To keep the subject up-to-date, the academic relies heavily on the latest research papers published globally, including his own and that of several HEC colleagues also active in the field. HEC Paris works closely with France’s regulatory authorities (Banque de France, ACPR, AMF), and this enables researchers like Colliard to access privileged data and speak with practitioners on a regular basis. This he uses to tackle topics in the classroom like how many inspections are conducted by supervisors, whether regulation is driven by lobbying (or not), who is actually winning or losing from regulation, how firms adapt to regulations, or how they see their financing costs change because of them. “Our knowledge comes from very recent research papers and this is super important when teaching the topic” says the academic, whose own research is directly mobilized as evidenced in three examples below.
Regulation is highly intricate and part of Colliard’s research focuses on whether or not regulation is too complicated, assessing the pros and cons of this complexity. Some of his students embrace this complexity, believing reading the three Basel agreements, the latest of which comprises over 600 pages, will make them more knowledgeable. But Colliard disagrees: "To me that’s pointless, especially as in a couple of years Basel 4 will come along with a different text.” Rather than teaching all the different rules, he therefore focuses more on the economic logic behind it. By exploring the reasons behind certain rules and their objectives, he provides HEC students with an understanding of the global regulatory architecture. This equates to long-term knowledge: “The problems regulations are trying to solve are not going to disappear overnight and will always be there in one form or another,” explains Colliard.
Banking supervision is another important research topic the academic brings directly to the classroom. A big problem, he says, is for instance the race to the bottom between national regulators to attract more business. “Unfortunately if everybody does that, then no bank is properly regulated and it’s important developed countries agree on a set of rules they all apply,” he explains. Then, once regulations are in place, the supervisors’ role is to ensure these rules are followed. However, supervisors also have incentives to be “too lenient with the banks”, says Colliard, as they face pressure to favor domestic banks, thereby placing them in a better position to compete with foreign counterparts –this in turn calls for new mechanisms to supervise the supervisors.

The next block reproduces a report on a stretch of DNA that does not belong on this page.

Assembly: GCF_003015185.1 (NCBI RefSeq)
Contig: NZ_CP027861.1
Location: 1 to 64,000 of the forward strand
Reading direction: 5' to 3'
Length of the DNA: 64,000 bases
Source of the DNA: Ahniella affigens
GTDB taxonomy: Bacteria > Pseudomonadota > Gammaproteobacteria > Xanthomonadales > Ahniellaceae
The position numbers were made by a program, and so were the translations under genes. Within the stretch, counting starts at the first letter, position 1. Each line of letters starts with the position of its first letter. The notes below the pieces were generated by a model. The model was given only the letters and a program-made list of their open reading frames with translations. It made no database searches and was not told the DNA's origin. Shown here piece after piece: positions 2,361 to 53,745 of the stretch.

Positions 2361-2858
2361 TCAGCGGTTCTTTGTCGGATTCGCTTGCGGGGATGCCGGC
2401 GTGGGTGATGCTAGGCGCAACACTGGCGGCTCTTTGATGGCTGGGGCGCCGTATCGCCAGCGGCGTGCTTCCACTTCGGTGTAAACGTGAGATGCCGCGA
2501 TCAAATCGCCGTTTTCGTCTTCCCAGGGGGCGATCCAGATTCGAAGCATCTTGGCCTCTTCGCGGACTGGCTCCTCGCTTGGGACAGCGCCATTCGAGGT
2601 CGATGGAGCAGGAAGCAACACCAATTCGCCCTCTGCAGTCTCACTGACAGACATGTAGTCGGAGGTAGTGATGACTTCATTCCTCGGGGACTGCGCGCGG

Another of Colliard’s areas of interest is the regulation of systemic risk, which he describes as a very important topic for large banks and regulators alike. In the research paper he co-wrote on systemic risk, he and his co-authors point out the discrepancy between current regulation and current state of knowledge. Namely, while research has long pointed out that smaller banks can be systemic due to their interconnectedness or other characteristics, regulation still focuses largely on size alone. "If you take a bank that’s not very big, its place in the network and how it lends to banks could well affect how bad it can be for the overall system if it fails."